Then, one day at the morgue, Stenio works on the body of a guy he knew, who informs him from he other side that Odete has been having an affair with local shop owner Jaime (Marco Ricca).

It’s at this point Stenio does something very, very bad.

Using information he obtained days earlier from the corpse of a gang member, Stenio convinces the dead gangster’s brother, and the leader of said gang, that Jaime was responsible for his late bro’s demise. He wasn't, of course, but Stenio is pissed, and wants to get back at Jamie for screwing Odete.

This kicks off a chain of events that will affect Stenio and his family, and it’s at this point Stenio is tormented by an angry spirit, which is bound and determined to make his life a living hell.

When I first watched The Nightshifter, I felt that the film’s second half, when Stenio is dealing with the vengeful spectre, wasn’t as interesting as what came before. Whereas the beginning was creative and engaging as hell, the movie falls into more traditional territory as it goes along. By the time that initial viewing in late 2019 was over, I decided The Nightshifter deserved a place on my list, but down around the #7 or #8 slot.

Then something happened.

For days I could not stop thinking about this movie. I kept turning it over and over in my head. So, I had to watch it again, and while the last half still felt routine, it worked better this second time because of the situation that Stenio found himself in, something I now realized was more terrifying than an angry ghost coming after him.

Just after the tragedy brought on by Stenio, the corpses that communicate with him in the morgue start treating him differently. They inform Stenio, in no uncertain terms, that he misused this special gift he was given, taking information from the dead and using it to exact revenge. Because of this, he is now a marked man on the “other side”, a cursed individual, and retribution is waiting to unleash its fury on him in the afterlife.

The pissed-off spirit that messes with Stenio and his kids, as well as Lara (Bianca Comparato), Jaime’s twentysomething daughter, is nasty, and would kill the children just to torment Stenio. Yet as bad as this situation is, we the viewer know that our lead character has an even worse fate awaiting him, and it’s one he can never escape. What’s more… it’s a reckoning that will stretch on for eternity! Stenio will suffer for his misdeeds… for the rest of time!

It’s kind of like the Freddy Krueger effect I touched on in my write-up of 1984’s The Nightmare on Elm Street, where I said Freddy was perhaps the scariest of the ‘80s slasher villains because you could not outrun him, you could not outlast him. Keep out of the woods, and Jason Voorhees won’t get you (until he went to Manhattan). But you will fall asleep at some point. You cannot stay awake forever. Which means Freddy need only wait you out… you will go to him.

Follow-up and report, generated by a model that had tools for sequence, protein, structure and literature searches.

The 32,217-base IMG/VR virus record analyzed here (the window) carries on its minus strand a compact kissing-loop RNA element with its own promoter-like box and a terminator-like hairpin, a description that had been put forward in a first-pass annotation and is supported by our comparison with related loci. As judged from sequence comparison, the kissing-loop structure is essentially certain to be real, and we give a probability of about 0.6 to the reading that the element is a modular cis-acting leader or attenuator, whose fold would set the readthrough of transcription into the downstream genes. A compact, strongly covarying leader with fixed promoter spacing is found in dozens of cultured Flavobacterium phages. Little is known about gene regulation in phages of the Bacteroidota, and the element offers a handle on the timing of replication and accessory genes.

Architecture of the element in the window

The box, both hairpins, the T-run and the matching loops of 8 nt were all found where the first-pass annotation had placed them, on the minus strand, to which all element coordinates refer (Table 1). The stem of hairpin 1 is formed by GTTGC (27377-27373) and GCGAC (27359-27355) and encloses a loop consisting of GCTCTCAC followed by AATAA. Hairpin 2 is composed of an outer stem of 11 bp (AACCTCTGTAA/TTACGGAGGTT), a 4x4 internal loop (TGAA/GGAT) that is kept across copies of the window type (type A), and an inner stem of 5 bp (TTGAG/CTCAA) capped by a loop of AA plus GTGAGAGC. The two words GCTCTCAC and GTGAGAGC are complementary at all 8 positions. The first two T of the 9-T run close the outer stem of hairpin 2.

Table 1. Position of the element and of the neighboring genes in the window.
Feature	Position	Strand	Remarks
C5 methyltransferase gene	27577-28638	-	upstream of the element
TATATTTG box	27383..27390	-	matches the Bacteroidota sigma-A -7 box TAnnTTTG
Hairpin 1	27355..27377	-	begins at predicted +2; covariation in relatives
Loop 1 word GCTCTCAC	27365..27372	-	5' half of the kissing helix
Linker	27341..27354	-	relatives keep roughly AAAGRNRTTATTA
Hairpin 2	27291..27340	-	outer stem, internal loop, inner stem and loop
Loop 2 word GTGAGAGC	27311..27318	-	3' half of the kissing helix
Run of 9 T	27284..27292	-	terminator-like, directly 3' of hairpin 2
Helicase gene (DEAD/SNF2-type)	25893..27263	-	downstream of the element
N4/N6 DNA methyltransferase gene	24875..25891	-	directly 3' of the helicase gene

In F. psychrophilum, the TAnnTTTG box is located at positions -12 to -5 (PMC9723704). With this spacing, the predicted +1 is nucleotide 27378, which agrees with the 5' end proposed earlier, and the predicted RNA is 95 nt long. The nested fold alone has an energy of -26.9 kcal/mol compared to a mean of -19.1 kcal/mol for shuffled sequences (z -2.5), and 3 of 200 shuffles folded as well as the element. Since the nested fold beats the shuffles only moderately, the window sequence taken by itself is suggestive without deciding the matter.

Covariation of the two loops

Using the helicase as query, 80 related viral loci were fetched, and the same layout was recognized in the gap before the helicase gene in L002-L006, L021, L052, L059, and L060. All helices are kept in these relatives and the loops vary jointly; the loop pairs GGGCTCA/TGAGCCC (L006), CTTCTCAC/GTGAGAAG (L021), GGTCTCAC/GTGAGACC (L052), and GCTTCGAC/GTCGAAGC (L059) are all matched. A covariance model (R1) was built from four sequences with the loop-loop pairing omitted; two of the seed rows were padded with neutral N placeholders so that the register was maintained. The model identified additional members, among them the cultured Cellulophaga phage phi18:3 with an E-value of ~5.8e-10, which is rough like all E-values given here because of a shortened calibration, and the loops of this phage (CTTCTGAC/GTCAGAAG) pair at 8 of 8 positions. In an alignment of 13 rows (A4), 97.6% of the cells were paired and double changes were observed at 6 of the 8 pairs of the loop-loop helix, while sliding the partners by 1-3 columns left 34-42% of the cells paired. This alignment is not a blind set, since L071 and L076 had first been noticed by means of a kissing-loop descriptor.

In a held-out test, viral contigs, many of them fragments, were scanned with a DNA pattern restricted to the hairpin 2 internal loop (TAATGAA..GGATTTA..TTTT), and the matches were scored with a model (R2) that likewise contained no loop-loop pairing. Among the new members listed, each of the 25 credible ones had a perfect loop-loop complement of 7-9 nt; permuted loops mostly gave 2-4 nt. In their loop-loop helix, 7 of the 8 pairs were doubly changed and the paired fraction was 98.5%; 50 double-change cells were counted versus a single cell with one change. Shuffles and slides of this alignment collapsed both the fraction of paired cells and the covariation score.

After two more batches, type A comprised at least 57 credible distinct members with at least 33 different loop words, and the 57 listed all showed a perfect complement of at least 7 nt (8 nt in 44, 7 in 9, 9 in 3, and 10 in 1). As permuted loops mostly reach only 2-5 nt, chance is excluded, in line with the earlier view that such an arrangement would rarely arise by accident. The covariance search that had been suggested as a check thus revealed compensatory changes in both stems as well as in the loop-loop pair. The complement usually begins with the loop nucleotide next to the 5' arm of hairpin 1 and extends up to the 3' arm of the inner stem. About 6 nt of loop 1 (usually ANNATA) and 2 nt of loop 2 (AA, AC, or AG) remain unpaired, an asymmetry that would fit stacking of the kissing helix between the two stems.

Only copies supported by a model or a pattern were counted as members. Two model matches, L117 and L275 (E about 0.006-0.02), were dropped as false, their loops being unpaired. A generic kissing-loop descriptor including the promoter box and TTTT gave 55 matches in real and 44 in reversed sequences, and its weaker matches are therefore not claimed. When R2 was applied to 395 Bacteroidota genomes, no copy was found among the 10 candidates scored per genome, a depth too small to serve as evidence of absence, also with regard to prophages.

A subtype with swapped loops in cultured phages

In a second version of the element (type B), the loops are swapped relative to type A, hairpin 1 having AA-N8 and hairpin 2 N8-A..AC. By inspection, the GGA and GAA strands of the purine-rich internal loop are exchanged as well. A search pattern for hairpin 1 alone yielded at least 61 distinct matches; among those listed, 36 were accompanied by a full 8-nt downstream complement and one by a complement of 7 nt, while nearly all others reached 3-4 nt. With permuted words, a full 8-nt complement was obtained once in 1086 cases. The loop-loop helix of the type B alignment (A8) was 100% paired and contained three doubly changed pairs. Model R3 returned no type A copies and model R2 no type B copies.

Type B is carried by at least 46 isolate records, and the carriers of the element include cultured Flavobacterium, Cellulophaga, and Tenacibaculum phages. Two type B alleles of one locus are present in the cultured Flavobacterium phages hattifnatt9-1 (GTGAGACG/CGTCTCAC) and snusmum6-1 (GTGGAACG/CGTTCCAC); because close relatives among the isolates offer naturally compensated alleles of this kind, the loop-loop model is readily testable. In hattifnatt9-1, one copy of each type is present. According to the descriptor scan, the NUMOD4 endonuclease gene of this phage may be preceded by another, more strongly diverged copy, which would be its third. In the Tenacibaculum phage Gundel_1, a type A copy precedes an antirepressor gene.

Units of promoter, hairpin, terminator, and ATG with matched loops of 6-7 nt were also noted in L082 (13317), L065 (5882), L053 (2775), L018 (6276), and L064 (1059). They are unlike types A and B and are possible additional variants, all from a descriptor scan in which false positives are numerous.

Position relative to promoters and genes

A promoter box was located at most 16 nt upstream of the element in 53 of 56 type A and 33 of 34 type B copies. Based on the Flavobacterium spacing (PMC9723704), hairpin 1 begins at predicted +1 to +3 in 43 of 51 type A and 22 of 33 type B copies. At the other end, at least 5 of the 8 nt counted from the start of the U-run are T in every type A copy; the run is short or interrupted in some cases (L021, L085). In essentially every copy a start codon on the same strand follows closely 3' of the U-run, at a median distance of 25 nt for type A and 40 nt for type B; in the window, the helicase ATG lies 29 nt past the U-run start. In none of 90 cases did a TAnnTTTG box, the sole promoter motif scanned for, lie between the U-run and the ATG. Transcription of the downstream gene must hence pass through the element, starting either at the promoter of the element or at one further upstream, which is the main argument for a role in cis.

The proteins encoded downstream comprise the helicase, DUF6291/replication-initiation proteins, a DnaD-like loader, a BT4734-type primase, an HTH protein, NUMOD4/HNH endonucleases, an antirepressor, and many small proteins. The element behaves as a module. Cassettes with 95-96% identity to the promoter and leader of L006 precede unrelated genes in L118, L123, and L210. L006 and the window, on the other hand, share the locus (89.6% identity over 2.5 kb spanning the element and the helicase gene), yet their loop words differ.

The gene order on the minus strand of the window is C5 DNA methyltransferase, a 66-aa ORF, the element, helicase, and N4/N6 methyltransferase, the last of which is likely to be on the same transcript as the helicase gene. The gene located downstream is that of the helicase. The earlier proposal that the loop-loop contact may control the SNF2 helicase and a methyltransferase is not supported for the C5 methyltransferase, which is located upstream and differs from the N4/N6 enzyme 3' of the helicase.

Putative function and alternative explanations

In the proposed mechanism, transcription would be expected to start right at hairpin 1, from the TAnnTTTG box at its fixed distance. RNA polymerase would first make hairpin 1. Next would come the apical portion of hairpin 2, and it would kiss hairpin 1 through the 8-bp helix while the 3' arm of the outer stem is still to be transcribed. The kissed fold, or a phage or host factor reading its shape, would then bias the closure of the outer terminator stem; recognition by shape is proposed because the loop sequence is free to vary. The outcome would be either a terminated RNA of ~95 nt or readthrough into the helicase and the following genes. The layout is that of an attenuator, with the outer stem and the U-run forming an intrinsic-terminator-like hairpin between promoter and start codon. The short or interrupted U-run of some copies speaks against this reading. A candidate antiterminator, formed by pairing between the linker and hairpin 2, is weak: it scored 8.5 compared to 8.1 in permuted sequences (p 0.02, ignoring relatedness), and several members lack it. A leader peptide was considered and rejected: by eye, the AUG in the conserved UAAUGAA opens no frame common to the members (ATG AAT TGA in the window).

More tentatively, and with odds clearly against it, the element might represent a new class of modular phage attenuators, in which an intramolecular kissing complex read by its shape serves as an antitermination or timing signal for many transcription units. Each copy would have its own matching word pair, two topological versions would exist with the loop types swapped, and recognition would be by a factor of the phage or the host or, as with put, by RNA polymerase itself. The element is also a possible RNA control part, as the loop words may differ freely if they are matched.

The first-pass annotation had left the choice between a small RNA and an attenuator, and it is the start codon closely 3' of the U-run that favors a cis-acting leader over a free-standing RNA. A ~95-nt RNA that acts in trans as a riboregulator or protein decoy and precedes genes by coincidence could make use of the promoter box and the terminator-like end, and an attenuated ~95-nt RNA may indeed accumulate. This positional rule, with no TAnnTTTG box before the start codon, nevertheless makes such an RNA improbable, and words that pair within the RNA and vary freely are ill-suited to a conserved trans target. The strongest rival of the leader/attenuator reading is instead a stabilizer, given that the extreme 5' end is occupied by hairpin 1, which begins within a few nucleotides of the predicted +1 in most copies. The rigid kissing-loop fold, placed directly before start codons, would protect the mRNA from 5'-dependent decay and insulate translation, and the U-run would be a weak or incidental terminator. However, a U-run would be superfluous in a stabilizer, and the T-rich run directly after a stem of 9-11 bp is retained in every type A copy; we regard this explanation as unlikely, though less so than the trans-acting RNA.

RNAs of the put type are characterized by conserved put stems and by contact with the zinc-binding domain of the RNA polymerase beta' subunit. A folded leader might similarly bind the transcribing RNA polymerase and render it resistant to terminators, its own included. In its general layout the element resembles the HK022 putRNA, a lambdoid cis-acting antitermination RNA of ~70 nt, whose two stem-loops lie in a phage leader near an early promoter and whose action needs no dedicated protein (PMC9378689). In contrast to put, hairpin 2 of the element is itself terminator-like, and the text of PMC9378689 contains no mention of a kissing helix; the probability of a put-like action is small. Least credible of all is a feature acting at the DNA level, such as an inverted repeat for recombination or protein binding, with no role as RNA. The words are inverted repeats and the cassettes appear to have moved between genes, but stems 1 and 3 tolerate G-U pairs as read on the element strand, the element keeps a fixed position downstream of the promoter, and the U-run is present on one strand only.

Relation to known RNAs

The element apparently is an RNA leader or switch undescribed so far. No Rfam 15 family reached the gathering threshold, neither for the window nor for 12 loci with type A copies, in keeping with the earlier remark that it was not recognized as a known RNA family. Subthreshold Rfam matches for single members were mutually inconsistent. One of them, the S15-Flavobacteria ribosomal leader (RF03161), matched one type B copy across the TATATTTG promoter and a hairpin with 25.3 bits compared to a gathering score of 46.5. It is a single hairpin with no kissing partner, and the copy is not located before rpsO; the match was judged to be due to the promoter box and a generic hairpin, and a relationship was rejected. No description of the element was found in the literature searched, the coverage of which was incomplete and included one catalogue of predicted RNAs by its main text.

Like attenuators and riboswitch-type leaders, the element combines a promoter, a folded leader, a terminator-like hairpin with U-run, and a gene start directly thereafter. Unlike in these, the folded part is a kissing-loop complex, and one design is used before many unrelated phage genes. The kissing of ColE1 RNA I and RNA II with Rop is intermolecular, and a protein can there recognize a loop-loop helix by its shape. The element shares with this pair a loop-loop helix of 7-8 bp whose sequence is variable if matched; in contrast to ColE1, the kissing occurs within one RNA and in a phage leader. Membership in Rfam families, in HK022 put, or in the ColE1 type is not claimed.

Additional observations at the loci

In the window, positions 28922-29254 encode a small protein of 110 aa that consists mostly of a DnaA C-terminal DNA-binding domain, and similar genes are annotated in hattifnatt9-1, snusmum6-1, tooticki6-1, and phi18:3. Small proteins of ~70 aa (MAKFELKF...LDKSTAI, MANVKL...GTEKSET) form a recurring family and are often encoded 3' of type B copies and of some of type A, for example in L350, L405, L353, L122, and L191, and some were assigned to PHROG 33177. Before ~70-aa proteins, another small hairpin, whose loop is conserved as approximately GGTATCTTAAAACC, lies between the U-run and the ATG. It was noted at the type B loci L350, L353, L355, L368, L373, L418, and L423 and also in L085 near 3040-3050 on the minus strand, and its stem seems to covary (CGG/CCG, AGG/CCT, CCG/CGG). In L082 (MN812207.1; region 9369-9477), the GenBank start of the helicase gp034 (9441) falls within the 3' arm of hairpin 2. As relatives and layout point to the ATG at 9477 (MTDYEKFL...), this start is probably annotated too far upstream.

It’s the same for poor Stenio. One day, he will die. Even if he lasts another 70 years, death is inevitable. And he will face the terrible wrath he has brought upon himself.

I was still underwhelmed by some of the movie’s more mundane scare scenes, but Stenio’s ultimate fate hit me harder the second time around. He has something terrible hanging over his head, making his situation seem totally hopeless.

To his credit, he does not despair. He now lives to protect Lara and his kids. But even that won’t save him in the end. Stenio is doomed.

After that second viewing, The Nightshifter shot all the way to the top of my list. It was, and remains, the best horror film I saw in 2019.
Rating: 9 out of 10

Saturday, August 12, 2023

#2,922. Scare Me (2020) - Random Musings


One main set.

Two (briefly three) characters telling scary stories.

Writer / director Josh Ruben took a minimalist approach to Scare Me, a film that would have worked just as well as a stage play. And yet it’s a top-notch horror outing. Listening to its characters as they attempt to frighten one another with various tales of the macabre not only generates tension, but also makes this 2020 movie one of the most unique horror anthologies of all-time.

Hoping for a little peace and quiet as he pens his first book (a werewolf story), wannabe writer Fred (played by Ruben himself) sets up shop in a remote cabin. To clear his mind when writer’s block sets in, Fred goes for a walk, during which he meets Fanny (Aya Cash), who is staying in the cabin right across from his. It turns out Fanny is also a writer. In fact, she’s the author of Venus, a best-selling horror novel.

When a storm knocks out the power, Fanny pays Fred a visit, and during their conversation she challenges Fred to try and scare her with his werewolf story.

Thus begins a night filled with one frightening tale after another, with Fred and Fanny – separately and in collaboration - spinning yarns of terror, each more nerve-racking than the last.

For a movie like Scare Me to work, the actors had to be on top of their game, and both Ruben and Cash were up to the challenge. Ruben plays Fred as a bit of a sad sack, a guy trying to turn his life around who is more than a little threatened by Fanny’s success. Cash is even better as the brash, confident Fanny. She spots Fred’s insecurities right out of the gate and goes to work on him, offering unsolicited advice as he acts out moments from his werewolf story. There is a tension between the two that remains tangible throughout, but they feed off of it, and use it to generate even scarier stories.